Zombies, vampires and werewolves

Messed with this a bit more today. Mostly with the eyes, and punched up the orange in his complexion.

My hubby and I had a great discussion today about zombies, vampires and werewolves. I had pegged down that zombies are the decay of the body, while vampires are the decay of the soul. But my hubby pointed out that werewolves are the decay of the mind, because you go all crazy and feral when you turn into one.

Then we discussed how werewolves and vampires are becoming “tame” now. You have friendly, remorseful vampires seeking redemption. (Of course, even in Twilight, the bad vampires are still really bad.) Werewolves have stopped being Monsters of the Night and have become friendly pack animals with family hierarchy, because we know more about wolves than we used to.

(And wolves don’t hunt down and eat people in sleighs anymore.)

Zombies, though. There aren’t any friendly zombies. In fact, zombie apocalypse has become such a cultural thing, we have counties in Florida with their own zombie plan.

Isn’t it interesting that in a culture obsessed with physical beauty and staying young, our cultural horror is about the decay and rot of that same body?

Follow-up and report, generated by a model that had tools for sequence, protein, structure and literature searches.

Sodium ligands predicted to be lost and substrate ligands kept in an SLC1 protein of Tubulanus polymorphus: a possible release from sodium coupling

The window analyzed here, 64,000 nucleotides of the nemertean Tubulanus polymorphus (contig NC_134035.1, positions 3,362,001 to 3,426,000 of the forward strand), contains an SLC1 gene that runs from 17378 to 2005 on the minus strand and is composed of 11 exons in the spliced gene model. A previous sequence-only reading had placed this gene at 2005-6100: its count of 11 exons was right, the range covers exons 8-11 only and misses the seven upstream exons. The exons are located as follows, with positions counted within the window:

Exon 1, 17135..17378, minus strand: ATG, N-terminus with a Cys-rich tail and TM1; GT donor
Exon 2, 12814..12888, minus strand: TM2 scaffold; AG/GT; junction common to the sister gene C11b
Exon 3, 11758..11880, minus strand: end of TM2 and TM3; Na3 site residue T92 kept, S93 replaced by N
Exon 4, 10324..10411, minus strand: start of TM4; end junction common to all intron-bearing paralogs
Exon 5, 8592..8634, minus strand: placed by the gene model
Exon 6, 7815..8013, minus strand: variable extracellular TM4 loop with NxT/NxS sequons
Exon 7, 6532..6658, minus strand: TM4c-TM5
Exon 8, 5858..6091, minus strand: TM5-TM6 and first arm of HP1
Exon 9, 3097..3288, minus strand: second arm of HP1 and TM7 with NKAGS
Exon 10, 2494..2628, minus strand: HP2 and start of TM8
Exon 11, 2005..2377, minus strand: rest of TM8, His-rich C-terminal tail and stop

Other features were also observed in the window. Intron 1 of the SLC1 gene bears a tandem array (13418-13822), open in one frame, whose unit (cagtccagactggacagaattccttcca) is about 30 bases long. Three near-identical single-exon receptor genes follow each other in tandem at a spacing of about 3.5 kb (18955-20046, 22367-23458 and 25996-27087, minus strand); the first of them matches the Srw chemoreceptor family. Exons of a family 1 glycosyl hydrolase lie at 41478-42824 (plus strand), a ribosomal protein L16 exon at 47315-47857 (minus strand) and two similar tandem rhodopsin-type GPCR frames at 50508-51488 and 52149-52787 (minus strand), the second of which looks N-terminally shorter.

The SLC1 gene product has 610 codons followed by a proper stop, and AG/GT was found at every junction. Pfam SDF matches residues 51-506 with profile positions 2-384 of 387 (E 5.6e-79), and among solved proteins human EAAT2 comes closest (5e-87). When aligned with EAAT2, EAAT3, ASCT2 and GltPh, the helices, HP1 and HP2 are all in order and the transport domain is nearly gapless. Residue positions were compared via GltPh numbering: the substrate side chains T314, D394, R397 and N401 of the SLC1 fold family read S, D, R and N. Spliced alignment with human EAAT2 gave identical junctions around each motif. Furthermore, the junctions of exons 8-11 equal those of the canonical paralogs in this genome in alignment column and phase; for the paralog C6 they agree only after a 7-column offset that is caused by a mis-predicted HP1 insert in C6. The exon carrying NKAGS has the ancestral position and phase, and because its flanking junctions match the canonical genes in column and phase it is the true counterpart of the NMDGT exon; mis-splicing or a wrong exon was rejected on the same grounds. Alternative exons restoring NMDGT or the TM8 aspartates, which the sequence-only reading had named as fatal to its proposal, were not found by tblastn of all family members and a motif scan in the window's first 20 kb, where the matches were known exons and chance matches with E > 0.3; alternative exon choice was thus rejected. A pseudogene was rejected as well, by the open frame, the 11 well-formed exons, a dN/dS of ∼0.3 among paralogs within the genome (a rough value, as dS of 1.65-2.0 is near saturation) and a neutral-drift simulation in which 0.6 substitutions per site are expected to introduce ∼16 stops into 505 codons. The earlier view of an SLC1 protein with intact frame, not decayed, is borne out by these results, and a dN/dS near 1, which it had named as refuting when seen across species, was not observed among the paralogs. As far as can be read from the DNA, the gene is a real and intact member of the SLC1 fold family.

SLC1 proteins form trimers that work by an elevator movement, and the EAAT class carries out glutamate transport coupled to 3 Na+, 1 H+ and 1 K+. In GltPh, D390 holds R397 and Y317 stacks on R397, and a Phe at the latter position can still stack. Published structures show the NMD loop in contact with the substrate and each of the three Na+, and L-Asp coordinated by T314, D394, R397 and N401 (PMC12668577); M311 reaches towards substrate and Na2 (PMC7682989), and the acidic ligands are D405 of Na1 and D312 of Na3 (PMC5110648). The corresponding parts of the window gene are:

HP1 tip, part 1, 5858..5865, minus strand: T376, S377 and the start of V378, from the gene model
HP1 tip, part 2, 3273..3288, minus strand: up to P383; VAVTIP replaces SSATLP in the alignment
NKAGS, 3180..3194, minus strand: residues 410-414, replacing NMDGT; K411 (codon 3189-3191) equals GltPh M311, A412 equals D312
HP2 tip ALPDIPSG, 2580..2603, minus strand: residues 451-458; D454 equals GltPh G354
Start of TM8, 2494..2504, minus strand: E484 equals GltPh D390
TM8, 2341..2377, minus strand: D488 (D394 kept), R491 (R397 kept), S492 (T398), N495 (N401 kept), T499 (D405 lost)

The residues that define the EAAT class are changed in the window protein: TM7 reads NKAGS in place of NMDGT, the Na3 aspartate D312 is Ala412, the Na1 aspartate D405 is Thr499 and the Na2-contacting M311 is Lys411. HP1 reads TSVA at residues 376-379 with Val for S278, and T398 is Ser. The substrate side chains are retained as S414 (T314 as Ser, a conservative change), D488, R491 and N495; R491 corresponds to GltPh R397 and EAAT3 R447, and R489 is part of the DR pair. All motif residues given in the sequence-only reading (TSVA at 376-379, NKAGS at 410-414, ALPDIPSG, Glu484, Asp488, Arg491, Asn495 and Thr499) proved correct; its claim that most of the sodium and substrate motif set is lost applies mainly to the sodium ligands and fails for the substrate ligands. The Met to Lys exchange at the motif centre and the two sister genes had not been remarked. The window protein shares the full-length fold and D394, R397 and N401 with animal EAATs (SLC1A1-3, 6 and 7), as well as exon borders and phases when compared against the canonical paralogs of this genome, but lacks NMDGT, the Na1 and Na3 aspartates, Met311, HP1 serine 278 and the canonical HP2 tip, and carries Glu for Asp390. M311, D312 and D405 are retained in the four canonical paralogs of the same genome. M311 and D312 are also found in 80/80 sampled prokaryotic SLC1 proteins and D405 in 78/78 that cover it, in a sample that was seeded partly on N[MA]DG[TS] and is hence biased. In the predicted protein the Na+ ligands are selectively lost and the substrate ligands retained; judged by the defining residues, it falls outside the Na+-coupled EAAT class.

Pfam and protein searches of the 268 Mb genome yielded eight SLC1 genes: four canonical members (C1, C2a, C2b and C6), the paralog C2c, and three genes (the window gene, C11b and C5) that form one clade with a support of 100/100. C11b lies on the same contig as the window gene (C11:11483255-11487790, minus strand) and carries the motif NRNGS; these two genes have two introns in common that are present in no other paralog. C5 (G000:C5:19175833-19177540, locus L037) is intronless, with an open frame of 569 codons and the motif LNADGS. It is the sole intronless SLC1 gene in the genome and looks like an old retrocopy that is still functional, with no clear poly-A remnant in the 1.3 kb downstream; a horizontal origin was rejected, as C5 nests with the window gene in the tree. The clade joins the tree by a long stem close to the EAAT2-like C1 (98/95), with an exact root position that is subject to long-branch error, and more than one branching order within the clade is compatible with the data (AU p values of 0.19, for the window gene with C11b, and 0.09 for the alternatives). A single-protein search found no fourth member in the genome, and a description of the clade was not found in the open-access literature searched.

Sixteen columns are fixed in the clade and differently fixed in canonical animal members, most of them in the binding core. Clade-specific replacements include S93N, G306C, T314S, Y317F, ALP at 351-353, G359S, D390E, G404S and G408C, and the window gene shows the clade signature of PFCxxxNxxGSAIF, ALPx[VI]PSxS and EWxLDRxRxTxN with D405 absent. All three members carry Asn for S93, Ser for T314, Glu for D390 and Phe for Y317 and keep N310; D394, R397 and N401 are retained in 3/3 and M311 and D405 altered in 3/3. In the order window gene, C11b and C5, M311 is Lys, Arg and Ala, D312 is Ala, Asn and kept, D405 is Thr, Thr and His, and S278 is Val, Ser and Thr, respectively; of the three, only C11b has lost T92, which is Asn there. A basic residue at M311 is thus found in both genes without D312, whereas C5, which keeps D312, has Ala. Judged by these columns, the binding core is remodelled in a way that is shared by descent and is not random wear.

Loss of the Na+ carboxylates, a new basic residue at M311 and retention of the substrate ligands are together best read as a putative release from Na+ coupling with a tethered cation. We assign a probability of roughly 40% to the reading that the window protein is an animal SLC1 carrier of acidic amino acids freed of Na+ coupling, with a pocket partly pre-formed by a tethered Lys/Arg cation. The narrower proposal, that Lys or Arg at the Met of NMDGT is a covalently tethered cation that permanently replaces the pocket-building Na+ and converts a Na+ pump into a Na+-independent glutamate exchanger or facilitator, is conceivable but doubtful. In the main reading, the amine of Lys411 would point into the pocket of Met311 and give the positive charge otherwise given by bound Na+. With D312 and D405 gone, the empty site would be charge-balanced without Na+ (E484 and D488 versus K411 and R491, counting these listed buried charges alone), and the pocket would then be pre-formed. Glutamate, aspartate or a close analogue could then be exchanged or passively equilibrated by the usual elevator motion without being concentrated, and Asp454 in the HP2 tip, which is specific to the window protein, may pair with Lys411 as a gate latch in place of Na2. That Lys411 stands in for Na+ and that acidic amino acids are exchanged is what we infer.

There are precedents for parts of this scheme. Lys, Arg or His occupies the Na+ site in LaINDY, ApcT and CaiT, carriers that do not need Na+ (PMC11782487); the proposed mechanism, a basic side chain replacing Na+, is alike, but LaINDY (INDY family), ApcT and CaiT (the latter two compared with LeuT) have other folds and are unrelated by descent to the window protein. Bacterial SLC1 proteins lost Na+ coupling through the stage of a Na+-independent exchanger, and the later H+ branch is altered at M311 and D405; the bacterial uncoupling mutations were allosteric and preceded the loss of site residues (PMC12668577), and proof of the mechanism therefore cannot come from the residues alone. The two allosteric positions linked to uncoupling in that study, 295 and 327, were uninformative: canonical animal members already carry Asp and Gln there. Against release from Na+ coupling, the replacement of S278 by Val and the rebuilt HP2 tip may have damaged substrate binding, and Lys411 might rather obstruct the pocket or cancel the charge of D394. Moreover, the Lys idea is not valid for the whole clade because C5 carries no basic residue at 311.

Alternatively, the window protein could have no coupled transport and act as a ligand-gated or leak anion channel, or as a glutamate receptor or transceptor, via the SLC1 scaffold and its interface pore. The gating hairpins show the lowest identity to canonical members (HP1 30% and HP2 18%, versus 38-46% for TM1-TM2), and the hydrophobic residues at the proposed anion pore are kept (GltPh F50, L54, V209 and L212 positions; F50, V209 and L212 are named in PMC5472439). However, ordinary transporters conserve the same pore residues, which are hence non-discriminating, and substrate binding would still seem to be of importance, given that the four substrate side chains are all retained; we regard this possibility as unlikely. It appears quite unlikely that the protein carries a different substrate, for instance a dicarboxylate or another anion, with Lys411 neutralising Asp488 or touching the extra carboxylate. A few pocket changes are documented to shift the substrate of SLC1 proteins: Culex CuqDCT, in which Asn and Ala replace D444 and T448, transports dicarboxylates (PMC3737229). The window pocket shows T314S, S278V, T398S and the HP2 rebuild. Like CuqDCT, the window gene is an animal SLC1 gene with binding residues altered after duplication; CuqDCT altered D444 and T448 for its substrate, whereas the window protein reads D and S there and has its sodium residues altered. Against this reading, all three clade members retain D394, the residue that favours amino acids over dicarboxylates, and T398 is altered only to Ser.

4 thoughts on “Zombies, vampires and werewolves

  1. You always amaze me at how deep you can get. I think the whole thing looking at decay, and how each is a portion of man. Sin is at the core and each has it’s own look.
    Really I am going to be pondering this,
    So what do you think about Grimm? Are we all just harboring those tendencies. Are we all looking for redemption?


  2. I don’t know about Grimm so much. Grimm is a lot more specialized, “us vs. them” sort of deal. That delicious idea of magical creatures living in hiding, a la Harry Potter or Spiderwick or Fablehaven. You just don’t notice them usually.


  3. Clearly, you have not played Plants vs. Zombies. They’re not exactly friendly zombies at first but… Well… To say anymore would give away the ending, so I’ll be quiet. =F

    The decay theory is an interesting idea to explore… But I wanted to say that I feel it’s not so much that the monsters are becoming ‘tame’, they’re just becoming ‘more human’. Seems like nobody used to spend much time acknowledging that all of these types of monsters have their roots in humanity. Zombies, werewolves and vampires were often, at some point, normal everyday people. And whatever had to happen to transform them is typically the result of tragic events caused by other people – who are, if defined by their behaviour, monsters in their own right more often than not. So the message is not just that ‘vampires, werewolves and zombies are capable of non-monsterous personalities and generally being likeable’ but also that people overall are their own worst problems. I think maybe society as a whole has become more comfortable with seeing itself examined in this way. *shrugs*


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